Story by Ashley Watson and Lewis Levine
Two new projects are underway as two separate groundbreakings were held last week for the construction of the new Liberty County Boys & Girls Club and the new Dryden Enterprise development called Richmond Pass on Charlie Butler Road.
This past Friday the community came together to celebrate the groundbreaking for the construction of the Liberty County Boys & Girls Club at 5540 W Oglethorpe High adjacent to Cedar Hill Mobile Home Park in Walthourville.
The local Boys & Girls Club was something Edna Walthour had envisioned for the community for quite some time. She said the Walthourville location will be the first of what she hopes will be several clubs throughout the area operating under the charter of Frank Callen Boys and Girls Club of Savannah.
“We had some generous donors who blessed us with a parcel of land for our first Boys & Girls club,” Walthour said. “We waited for 18 months but it was worth the wait and they helped us through the process throughout the way. We are going go ahead and break ground. We are so excited today.”
Walthour said they’ve been trying to get a local Boys & Girls Club within the County for many years.
“This is an area where it is very much needed,” she said.
Walthour said the club will provide safety for children as well as a youth development to help children become productive members of society. She said the club also offers job development for the youth.
She said the first portion of the building should be completed in 14 months. They hope to add the gym immediately after.
Board member Malcolm Williams said they’ve been busy trying to raise funds for the organization. He said the new club will benefit the youth greatly.
“For our community this is long overdue,” Williams said.
David Loo owns Cedar Creek Mobile Home Park and donated 6.3 acres of land facing Highway 84 to the Boys & Girls Club to develop the facility.
“We are relatively new investors to the Liberty County area,” Loo said. “But one of the things that was very important to us was that we contribute back to the community. As an owner of residential units I think it is important is to help families educate their young and provide them opportunities and programs. It was important for us to make a meaningful impact.”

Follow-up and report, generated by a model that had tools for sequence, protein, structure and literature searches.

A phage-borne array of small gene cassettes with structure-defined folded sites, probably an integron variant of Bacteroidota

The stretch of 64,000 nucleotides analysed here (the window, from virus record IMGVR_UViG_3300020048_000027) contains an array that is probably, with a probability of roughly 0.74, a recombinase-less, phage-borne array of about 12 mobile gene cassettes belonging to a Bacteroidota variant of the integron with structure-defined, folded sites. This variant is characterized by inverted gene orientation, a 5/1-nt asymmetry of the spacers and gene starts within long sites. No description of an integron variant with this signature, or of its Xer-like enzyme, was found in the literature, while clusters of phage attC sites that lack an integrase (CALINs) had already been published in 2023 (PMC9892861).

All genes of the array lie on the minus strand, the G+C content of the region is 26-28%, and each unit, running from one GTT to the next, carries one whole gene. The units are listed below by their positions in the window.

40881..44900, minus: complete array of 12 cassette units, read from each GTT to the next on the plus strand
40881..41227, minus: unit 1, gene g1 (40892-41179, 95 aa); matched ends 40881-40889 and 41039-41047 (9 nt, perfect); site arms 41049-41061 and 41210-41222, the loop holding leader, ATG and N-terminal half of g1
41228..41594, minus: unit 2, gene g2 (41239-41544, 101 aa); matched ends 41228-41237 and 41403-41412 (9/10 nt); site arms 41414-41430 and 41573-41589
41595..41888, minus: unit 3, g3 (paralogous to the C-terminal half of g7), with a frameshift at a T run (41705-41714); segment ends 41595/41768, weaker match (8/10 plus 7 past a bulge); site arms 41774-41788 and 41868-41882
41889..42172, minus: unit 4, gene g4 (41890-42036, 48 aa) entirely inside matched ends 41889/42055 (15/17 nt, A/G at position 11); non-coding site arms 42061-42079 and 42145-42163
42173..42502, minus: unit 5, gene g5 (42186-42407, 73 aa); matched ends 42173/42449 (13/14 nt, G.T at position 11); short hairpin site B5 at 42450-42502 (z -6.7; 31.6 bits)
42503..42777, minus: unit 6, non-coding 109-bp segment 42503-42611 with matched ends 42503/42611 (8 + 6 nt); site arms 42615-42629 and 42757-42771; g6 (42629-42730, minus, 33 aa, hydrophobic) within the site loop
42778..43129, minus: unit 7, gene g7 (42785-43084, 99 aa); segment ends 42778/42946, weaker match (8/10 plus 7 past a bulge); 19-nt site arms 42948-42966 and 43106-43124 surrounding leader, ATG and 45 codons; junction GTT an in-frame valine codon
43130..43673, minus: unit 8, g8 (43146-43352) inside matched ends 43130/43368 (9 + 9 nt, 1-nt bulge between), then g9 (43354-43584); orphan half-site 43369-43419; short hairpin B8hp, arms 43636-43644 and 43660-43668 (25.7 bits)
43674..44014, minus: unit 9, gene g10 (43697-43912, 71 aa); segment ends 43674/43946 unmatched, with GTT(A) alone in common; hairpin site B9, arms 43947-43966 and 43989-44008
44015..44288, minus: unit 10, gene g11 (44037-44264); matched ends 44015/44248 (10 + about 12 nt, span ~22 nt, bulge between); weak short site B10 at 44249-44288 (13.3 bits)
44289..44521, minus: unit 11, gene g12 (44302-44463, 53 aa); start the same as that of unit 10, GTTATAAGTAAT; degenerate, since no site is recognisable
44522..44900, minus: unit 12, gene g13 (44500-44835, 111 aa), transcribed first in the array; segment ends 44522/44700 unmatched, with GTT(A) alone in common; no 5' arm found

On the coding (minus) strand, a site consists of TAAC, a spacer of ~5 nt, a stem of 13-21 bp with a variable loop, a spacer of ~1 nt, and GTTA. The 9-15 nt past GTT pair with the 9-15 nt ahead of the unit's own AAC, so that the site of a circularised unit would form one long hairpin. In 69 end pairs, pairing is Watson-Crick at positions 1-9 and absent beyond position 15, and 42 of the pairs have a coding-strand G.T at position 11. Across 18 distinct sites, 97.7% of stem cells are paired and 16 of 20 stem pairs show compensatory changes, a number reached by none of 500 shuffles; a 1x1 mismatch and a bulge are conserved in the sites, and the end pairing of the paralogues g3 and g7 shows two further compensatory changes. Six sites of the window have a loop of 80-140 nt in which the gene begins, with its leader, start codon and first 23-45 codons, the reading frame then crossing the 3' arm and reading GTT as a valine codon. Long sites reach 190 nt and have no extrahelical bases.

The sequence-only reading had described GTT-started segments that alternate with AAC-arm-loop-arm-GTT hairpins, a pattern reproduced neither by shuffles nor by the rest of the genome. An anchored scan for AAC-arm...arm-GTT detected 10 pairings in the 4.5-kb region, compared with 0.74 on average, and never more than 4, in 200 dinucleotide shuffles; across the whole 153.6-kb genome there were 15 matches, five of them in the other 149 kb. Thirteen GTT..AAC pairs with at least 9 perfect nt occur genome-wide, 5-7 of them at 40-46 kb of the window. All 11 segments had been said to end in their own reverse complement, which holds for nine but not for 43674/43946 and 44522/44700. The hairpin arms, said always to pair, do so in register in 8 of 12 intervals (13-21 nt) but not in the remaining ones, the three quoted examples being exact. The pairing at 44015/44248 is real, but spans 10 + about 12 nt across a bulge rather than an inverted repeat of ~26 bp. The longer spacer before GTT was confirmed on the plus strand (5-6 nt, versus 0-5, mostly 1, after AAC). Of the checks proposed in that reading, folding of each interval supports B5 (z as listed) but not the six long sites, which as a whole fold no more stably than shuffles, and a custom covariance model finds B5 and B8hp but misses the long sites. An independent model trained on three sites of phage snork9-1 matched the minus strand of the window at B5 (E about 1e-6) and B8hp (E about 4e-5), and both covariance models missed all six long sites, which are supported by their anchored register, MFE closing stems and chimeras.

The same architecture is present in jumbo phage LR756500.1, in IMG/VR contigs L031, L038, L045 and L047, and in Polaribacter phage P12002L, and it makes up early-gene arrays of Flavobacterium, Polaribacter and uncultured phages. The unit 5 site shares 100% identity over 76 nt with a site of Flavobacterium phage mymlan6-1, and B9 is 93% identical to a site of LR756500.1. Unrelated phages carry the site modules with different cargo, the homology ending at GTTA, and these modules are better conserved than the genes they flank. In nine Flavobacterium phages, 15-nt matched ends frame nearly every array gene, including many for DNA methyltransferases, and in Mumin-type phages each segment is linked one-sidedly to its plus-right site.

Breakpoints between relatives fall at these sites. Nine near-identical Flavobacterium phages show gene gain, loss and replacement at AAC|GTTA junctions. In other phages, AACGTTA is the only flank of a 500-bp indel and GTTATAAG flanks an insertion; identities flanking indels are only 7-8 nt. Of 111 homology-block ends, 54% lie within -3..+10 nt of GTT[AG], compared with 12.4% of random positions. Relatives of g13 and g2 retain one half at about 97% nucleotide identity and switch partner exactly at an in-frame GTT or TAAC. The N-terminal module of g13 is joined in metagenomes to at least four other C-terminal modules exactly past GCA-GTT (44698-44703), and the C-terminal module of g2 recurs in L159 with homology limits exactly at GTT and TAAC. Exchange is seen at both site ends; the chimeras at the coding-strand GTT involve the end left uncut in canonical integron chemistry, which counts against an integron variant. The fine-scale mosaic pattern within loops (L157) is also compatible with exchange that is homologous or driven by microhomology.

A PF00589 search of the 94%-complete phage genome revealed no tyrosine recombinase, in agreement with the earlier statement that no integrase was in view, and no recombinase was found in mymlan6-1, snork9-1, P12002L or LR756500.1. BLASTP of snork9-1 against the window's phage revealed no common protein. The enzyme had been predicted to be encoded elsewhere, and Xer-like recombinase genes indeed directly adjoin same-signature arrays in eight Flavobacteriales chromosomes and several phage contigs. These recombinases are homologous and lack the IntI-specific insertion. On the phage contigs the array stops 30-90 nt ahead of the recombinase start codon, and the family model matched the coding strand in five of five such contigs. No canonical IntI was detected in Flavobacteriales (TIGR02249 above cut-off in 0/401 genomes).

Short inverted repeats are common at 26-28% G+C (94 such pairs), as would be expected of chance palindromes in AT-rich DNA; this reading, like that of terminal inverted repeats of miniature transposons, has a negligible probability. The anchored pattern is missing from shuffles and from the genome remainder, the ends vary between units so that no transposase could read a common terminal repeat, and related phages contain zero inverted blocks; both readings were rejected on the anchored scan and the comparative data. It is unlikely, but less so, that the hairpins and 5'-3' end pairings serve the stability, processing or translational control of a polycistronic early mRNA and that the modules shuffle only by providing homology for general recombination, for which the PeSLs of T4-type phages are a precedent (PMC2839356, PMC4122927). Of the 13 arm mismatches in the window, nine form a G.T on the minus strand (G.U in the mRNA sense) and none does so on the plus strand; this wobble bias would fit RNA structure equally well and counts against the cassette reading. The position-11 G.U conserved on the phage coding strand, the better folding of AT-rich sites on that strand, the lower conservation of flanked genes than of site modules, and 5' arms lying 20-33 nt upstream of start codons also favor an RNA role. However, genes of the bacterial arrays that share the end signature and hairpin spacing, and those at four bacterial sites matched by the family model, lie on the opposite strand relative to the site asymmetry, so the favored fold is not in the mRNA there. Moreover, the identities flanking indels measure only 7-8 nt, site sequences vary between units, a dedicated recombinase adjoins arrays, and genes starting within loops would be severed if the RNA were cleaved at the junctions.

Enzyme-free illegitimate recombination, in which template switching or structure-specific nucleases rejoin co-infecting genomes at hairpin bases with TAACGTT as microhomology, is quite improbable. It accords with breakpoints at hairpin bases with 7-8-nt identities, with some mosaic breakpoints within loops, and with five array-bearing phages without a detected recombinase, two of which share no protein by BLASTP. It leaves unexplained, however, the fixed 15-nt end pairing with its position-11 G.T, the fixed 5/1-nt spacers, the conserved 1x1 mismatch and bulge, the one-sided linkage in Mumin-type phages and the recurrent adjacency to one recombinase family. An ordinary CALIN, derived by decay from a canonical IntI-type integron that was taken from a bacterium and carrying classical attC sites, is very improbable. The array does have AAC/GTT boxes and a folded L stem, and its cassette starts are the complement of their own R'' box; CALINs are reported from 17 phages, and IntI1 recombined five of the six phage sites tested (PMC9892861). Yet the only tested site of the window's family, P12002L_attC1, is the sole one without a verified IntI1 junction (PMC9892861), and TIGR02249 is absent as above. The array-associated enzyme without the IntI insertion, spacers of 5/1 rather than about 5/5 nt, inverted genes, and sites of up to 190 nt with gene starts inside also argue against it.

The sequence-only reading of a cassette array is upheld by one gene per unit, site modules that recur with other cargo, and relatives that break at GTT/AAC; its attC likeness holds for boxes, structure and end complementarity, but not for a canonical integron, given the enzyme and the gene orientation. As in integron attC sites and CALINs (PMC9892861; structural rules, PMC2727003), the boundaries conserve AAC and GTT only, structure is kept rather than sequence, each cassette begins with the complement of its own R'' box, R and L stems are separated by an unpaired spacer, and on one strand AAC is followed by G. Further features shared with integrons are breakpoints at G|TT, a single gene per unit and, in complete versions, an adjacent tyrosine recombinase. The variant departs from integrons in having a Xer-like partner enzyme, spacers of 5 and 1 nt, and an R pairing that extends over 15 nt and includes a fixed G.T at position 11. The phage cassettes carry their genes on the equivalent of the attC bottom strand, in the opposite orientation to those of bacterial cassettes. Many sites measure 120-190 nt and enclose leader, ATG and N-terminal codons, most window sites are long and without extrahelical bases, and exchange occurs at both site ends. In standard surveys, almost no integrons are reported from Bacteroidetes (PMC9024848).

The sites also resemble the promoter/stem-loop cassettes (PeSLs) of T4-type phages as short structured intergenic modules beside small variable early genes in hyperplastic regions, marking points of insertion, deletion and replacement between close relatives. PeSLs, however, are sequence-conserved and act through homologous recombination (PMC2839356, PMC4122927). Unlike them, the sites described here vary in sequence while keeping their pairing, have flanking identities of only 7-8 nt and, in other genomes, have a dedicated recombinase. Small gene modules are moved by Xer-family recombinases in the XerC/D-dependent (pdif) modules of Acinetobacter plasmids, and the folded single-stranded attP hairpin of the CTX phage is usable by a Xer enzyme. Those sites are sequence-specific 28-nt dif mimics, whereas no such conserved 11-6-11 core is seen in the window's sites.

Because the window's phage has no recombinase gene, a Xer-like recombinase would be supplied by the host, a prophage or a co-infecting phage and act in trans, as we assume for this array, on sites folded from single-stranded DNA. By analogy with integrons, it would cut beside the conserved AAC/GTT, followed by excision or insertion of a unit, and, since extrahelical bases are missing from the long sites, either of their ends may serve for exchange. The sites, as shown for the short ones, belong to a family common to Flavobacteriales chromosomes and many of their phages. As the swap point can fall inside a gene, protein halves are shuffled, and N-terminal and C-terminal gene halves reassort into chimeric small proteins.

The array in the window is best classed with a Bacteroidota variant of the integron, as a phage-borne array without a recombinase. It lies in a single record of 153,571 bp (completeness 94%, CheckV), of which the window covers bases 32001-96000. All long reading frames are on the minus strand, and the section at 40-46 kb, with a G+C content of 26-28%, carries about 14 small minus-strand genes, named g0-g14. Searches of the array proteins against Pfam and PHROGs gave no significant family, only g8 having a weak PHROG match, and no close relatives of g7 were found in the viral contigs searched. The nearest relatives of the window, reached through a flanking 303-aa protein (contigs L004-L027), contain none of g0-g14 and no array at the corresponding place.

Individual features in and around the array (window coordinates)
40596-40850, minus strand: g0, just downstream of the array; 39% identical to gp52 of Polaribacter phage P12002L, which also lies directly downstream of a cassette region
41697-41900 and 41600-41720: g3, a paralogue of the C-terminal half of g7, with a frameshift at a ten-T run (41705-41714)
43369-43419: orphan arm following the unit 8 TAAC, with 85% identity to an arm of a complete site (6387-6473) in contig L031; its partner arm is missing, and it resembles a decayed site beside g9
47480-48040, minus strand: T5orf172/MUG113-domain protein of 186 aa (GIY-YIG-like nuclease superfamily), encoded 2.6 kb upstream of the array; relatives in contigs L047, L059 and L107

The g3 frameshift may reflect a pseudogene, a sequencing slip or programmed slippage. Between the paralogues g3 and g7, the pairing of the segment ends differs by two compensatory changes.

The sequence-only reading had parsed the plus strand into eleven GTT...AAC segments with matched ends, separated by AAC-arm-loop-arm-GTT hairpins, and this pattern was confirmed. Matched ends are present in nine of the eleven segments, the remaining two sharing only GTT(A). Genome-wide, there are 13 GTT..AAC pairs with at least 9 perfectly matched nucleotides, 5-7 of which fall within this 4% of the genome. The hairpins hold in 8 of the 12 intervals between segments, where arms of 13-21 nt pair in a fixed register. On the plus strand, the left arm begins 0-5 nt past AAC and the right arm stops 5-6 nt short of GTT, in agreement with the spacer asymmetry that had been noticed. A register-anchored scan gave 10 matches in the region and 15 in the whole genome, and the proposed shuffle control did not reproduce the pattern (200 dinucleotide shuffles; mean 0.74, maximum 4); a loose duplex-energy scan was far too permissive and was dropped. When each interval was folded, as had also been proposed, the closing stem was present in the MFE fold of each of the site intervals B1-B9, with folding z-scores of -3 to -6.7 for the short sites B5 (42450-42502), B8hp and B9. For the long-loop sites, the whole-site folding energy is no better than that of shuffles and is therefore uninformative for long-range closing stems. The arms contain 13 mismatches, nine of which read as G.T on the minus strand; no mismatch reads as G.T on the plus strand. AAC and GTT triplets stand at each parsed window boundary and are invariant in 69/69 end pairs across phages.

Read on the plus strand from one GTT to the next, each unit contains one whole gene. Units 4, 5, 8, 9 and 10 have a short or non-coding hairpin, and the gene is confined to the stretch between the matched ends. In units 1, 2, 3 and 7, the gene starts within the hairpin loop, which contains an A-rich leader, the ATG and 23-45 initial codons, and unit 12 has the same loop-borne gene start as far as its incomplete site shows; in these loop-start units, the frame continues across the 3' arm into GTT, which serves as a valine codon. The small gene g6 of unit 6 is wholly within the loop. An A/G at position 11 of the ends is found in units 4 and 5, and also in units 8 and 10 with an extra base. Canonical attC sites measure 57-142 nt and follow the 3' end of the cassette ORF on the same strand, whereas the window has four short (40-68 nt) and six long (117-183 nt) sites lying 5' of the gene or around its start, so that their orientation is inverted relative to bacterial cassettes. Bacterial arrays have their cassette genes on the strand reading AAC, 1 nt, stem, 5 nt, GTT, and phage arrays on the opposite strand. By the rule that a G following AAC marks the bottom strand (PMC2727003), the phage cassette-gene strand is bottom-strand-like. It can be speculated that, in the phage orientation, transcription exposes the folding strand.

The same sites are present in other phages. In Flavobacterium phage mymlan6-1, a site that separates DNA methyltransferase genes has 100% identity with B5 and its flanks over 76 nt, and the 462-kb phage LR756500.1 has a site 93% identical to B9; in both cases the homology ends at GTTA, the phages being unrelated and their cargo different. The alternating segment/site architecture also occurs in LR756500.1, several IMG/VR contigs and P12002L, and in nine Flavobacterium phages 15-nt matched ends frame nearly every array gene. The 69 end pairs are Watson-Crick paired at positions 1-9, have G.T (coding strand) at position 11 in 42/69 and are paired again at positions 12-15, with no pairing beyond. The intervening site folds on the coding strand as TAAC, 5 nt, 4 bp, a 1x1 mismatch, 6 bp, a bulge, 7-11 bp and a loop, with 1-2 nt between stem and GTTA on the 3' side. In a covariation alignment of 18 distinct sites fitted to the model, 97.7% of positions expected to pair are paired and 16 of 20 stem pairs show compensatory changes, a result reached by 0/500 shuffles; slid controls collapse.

During his speech State Representative Al Williams collected donations with one gentleman handing him a check for $3,000.
On March 23, Claude Dryden, of Dryden Enterprises, and his team held a groundbreaking ceremony of his new development, Richmond Pass, located on Charlie Butler Road in Midway. The new neighborhood will feature 46 lots of one and two story homes.
“Richmond Pass is going to be a relaxed, natural layout,” said Erin Johnson, the marketing manager of Dryden Enterprises. “There won’t be a pool or a playground necessarily, but there will be a ton of green space. We encourage our homebuyers to take full advantage of the local amenities like Cay Creek Wetlands Interpretive Center across the street as well as other places.”
Another advantage homeowners will have is their proximity to Interstate 95. Richmond Pass is just over a mile from the interstate so it will provide quick access for residents who work outside of Liberty County. Dryden chose Midway to build his new community because Midway has that small town feeling that a lot of people are searching for. “Forever people were trying to leave Liberty County so they could move into Richmond Hill and other areas. Now we’re seeing that reversed- people are moving here,” said Dryden. “We have low crimes compared to the other areas. We have good public schools so people don’t have to go through the cost of enrolling their children in private schools. And the cost of living is less here. There’s adequate shopping and enough restaurants but, they still don’t have that big metropolis feel. There’s still a rural feel to it. We hear that a lot.”
Out of everyone Dryden wanted to thank, commissioner Marion Stevens is the one Dryden spoke fondly of. “The development is being built in the district of commissioner Stevens,” he said. “I very much want to thank him for his support and help. He was very instrumental in this.”
The neighborhood will bring more affordable housing to Midway because the community is eligible for 100 percent financing through USDA loans. The community should be finished in eighteen months. No more than two years. Although the construction is nowhere finished Dryden feels confident. “What a great success it’s going to be,” he said. “Half of these lots have already been sold. We just got started a couple weeks ago. I think this location is just going to be desirable.”